Thank you again for inviting me back to MDC Conference Day. In today’s session, I would like to talk a bit about 21st Century Learning, fighting the Google Effect with retrieval practice, Just In time Teaching (JITT), and low stakes quizzing through active learning. Before we begin, I want to remind you that everything we are going to talk about today is already in your memory. Your memory has simply been outsourced. This webpage will serve as your “Outsourced Memory” for the presentation. Please feel free to refer back to it and share it with others.
Reading, Research and Learning in the 21st Century
Teacher Asks: Are you a digital utopian or a digital dystopian? What famous authors can be put into these categories? Read Is Google Making Us Stupid?, pick a side, and support your answer with some research.
A 21st Century Student Does…
Mercury Reader is a browser extension that cleans up your reading experience in Chrome. Get rid of the adds and junk and enjoy the read.
Pocket is a free service that makes it easy to discover great content that’s personalized to your interests, and save this content so you can return to it later – on any device, at any time. It’s your one-stop destination for reading engaging content, catching up on your favorite blogs and news sources, and watching videos that you discovered but weren’t in the right place to watch.
Smmry – SMMRY’s mission is to provide an efficient manner of understanding text, which is done primarily by reducing the text to only the most important sentences.
Citelighter is a virtual highlighter that automates the research and paper writing process. It allows the user to find and capture unique facts online, automatically generate citations, and write better quality papers in less time.
Fighting the Google Effect
How much does a student actually remember using all of these tools? Are students remembering the information? or are they remembering how to get to and parse the information when they need it? The Google Effect, also called digital amnesia, is the tendency to forget information that can be found readily online. People today often don’t remember what stuff is, they remember where it is or how best to get to it when they need it.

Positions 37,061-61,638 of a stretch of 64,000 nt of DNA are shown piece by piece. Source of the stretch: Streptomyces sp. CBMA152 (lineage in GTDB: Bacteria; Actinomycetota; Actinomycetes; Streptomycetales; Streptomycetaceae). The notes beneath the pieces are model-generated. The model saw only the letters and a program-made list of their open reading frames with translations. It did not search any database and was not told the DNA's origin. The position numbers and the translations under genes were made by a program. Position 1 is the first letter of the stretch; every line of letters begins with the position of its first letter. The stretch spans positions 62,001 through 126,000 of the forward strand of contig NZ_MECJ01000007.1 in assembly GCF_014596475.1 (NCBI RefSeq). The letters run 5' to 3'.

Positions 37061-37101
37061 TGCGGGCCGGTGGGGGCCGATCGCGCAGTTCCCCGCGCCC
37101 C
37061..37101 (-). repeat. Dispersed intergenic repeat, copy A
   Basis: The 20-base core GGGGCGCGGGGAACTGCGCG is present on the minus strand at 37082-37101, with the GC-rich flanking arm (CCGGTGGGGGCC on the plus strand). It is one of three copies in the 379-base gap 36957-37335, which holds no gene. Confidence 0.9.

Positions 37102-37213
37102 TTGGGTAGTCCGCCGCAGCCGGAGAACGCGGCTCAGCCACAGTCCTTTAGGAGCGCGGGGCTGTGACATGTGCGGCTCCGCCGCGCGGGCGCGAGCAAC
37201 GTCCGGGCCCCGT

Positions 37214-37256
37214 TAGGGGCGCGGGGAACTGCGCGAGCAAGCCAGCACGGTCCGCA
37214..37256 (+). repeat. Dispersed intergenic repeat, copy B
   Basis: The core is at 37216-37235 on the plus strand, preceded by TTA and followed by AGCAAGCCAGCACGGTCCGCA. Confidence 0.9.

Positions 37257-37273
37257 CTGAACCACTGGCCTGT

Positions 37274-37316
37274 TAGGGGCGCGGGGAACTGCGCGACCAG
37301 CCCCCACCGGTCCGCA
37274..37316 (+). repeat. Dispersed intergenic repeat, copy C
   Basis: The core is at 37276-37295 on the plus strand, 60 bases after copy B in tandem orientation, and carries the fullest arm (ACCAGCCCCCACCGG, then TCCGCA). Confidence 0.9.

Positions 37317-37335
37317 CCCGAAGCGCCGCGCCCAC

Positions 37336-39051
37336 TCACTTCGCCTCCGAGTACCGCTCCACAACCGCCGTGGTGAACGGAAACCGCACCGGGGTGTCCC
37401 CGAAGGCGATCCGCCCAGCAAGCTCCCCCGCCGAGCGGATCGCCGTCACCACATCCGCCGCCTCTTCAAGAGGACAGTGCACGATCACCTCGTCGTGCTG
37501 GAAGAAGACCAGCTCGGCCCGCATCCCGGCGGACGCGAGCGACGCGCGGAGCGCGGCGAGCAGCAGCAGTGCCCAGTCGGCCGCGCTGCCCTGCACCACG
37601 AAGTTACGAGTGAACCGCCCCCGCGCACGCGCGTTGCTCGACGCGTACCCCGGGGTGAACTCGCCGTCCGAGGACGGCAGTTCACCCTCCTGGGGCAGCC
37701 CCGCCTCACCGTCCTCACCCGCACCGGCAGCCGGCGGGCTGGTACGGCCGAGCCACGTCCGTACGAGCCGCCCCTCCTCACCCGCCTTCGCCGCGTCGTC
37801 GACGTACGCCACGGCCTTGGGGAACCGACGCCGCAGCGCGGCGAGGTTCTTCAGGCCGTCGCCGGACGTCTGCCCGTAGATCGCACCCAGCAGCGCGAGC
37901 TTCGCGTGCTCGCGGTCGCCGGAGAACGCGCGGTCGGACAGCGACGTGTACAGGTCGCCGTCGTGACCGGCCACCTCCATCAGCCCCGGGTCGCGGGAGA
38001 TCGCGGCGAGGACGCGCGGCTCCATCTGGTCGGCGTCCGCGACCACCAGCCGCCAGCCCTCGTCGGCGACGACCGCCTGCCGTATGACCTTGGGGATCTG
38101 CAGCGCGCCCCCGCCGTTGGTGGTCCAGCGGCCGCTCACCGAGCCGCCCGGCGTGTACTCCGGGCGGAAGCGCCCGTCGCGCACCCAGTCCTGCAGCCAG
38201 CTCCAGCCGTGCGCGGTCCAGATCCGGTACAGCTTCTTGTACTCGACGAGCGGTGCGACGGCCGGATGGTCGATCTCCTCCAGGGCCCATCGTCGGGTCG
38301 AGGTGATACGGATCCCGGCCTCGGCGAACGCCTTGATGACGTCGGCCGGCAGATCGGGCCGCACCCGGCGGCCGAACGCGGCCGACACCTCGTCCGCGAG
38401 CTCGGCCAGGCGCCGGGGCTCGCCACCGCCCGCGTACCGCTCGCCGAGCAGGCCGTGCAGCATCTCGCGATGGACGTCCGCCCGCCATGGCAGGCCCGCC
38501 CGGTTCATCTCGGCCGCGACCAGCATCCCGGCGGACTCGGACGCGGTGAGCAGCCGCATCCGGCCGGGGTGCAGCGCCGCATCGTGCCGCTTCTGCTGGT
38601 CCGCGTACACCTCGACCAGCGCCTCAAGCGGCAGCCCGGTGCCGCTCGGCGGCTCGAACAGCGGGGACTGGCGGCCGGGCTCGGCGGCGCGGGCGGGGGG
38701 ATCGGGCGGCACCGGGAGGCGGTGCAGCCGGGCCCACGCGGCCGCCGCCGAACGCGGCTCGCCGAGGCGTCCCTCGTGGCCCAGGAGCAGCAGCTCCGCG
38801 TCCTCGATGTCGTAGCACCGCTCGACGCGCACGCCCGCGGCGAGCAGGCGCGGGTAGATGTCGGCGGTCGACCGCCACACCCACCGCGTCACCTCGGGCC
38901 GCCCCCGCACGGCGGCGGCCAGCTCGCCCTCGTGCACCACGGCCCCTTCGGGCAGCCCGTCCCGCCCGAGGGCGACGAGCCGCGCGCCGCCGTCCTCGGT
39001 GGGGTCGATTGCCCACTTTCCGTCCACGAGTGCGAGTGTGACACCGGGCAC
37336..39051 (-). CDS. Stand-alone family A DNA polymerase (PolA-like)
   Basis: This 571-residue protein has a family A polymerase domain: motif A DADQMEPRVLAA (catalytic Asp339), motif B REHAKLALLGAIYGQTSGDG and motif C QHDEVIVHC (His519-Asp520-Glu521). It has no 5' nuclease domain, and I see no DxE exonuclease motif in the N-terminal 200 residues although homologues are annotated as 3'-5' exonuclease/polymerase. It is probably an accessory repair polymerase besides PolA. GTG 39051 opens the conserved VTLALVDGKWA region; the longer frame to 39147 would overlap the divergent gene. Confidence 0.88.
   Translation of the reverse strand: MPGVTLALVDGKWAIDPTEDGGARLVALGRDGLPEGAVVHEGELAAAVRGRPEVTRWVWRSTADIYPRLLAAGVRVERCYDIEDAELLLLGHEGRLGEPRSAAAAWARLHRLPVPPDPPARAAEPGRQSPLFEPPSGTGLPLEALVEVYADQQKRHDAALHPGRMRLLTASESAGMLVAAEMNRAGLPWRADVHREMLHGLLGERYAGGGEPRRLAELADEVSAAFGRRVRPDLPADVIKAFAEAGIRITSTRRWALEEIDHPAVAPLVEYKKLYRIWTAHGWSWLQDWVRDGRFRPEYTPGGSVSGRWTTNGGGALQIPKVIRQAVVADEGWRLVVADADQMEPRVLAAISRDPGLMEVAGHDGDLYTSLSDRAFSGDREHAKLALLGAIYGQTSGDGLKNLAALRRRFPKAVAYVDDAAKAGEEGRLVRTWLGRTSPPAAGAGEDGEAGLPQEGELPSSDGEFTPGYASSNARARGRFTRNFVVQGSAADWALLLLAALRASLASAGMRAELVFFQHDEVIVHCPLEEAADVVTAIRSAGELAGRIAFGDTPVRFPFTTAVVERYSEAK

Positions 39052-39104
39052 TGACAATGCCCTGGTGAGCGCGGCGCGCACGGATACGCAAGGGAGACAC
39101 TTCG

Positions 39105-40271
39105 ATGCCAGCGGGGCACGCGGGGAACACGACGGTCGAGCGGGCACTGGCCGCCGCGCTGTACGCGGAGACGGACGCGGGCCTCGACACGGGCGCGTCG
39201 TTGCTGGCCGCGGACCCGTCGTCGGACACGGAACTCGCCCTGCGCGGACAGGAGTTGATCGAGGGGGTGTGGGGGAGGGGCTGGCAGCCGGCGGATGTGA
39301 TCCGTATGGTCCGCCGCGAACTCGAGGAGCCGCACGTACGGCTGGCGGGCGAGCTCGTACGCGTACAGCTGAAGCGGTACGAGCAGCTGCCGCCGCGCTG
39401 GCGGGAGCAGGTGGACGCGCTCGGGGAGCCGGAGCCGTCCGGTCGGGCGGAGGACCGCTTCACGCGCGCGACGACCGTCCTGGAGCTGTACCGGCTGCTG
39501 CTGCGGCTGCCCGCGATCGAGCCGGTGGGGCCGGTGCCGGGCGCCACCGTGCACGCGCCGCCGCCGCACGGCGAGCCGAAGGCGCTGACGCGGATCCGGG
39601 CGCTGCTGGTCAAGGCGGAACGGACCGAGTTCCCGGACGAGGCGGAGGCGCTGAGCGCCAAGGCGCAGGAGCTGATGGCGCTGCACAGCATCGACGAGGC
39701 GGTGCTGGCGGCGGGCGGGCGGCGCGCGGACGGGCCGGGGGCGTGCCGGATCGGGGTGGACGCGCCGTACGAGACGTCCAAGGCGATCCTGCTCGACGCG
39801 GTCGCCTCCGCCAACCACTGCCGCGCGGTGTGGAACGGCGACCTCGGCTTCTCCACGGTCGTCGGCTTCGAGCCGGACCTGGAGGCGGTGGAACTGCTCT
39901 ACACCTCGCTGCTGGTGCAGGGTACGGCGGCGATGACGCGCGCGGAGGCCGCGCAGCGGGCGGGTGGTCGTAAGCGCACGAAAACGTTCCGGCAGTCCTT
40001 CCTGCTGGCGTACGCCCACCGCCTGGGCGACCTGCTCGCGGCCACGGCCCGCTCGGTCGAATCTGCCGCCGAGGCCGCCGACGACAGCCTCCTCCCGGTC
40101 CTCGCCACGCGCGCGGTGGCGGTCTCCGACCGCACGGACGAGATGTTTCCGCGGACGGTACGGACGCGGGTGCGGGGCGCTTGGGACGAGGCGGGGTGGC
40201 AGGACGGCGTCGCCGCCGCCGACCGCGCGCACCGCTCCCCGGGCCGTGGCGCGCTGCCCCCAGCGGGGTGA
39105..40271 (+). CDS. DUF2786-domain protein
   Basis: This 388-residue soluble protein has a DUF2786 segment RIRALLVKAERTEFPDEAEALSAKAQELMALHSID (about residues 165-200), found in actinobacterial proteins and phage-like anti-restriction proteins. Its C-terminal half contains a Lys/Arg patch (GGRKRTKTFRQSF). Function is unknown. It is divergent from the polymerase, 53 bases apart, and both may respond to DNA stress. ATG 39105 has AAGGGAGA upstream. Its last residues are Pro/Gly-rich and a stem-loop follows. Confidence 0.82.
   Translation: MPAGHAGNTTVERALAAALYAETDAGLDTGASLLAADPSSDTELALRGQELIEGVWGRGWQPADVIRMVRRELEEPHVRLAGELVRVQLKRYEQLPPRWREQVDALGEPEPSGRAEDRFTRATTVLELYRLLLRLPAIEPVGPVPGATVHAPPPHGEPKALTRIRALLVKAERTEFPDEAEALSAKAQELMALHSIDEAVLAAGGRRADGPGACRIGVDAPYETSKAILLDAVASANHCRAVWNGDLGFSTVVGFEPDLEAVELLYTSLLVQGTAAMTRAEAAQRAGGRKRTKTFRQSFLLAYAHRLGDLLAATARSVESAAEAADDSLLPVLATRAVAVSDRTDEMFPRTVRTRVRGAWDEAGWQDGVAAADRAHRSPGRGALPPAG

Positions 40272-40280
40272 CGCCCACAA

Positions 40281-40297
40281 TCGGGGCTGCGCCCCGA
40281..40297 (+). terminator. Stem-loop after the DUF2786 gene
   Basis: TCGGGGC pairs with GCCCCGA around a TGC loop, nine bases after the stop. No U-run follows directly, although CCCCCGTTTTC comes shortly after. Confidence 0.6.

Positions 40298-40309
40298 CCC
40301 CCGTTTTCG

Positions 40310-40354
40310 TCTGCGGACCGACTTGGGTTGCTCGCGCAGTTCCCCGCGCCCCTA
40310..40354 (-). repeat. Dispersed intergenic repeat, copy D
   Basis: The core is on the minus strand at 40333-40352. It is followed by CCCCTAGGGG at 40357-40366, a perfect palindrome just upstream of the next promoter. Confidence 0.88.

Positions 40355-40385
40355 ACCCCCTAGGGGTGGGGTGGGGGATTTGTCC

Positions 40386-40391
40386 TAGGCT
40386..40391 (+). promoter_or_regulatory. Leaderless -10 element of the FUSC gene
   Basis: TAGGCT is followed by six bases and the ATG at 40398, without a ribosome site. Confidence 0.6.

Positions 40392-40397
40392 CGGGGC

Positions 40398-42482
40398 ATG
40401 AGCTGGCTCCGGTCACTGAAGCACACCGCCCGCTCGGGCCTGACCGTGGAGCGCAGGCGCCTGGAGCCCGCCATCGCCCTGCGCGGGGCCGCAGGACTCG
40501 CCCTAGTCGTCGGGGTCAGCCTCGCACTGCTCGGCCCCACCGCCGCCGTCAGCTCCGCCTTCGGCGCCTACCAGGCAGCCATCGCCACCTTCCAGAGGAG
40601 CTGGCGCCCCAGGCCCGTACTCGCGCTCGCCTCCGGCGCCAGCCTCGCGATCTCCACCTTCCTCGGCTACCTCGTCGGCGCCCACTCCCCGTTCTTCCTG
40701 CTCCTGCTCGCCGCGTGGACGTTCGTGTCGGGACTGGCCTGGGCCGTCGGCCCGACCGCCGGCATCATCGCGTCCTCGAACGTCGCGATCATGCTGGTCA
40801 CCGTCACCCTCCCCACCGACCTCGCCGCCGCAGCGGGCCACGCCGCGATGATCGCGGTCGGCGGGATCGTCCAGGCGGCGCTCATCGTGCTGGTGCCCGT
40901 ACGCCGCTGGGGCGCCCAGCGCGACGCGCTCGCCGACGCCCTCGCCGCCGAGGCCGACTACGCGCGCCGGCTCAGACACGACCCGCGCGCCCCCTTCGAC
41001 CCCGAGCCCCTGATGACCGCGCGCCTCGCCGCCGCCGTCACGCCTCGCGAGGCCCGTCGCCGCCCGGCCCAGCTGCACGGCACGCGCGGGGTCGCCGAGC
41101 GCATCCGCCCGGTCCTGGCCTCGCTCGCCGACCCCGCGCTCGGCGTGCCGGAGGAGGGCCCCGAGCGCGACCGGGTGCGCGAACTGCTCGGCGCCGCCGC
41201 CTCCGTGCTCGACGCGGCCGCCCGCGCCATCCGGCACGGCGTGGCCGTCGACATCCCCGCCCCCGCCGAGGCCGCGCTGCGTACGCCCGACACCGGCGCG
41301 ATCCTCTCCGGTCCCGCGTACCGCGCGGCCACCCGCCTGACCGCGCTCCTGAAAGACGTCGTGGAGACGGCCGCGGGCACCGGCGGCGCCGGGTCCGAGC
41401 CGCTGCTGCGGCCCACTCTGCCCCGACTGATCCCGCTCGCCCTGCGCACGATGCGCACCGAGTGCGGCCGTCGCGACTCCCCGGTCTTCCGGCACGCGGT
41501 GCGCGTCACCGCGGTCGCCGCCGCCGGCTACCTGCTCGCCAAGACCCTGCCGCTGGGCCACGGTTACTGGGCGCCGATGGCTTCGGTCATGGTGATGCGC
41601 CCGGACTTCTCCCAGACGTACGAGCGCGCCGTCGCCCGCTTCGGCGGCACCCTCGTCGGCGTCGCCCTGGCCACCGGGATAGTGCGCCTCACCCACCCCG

In 350 BCE, Aristotle wrote that “exercise in repeatedly recalling a thing strengthens the memory.”
However, seeing repeatedly is not enough for learning.
Just-in-Time Teaching (JiTT) is a strategy that promotes the use of class time for more active learning. Originally developed by Gregor Novak and colleagues, JiTT relies on a feedback loop between online learning materials and the classroom (Novak et al., 1999). Teachers use online assessment tools to ask students to perform Warm-ups, Puzzles, and Goodfors The students answers to the assignments are delivered to the instructor a few hours before class starts. The teacher looks over student responses to see where students are and adapts the lesson accordingly. Teachers can also now use the responses as scaffolding on which to build learning.
How Do I Get Started?
Prior to class, give your students a slightly provocative and memorable statement/question that is open interpretation. Have your students rephrase the question in their own words, and make them take a stand and justify their position. To do this, they will have to examine prior knowledge, consult the course resources, and perhaps discuss the issue with classmates. The goal is to have them actively engage with the content and activate schema related to the content.
Tools of the Trade
Benefits of JITT
- JITT questions can be reused on exams, and student responses make for excellent distractors.
- Student responses will help you to beat the Curse of Knowledge
- You can grade HW for thoughtful effort.
- You can include metacognitive questions to get students to think about their thinking in discipline.
- You can complete the feedback loop and provide personal responses to questions this let’s students know that you value them and their effort.
- Because much of the beginning scaffolding work is done at home by the learners, this frees up additional class time for Active learning.
Active Learning Ideas
Now that you know how to make your Just In Time Teaching assignments, let’s discuss some active learning ideas.
- Find the Flaw (Google Drive)
- Quiz Quiz Trade (Post it Printable)
- Gallery Walk & Talks (Embedding in Discussions)
- Roving Reporters (Google Hangouts)
- Four Corners (Any Classroom)
- Elevator Pitching (Concentric Circles Anywhere)
- Playing 21 with 1 Minute Papers (Peer Grading)
- Top 5 or Top 10 Assignments (Smart Device Research)
- Six Degrees (Smart Devices)
- Virtual Field trips (Street View or Google Expeditions)
Novak, G, Patterson, E.T., Gavrin, A.D., and Christian, W. (1999). Just-In-Time Teaching: Blending Active Learning with Web Technology,Upper Saddle River, NJ: Prentice Hall.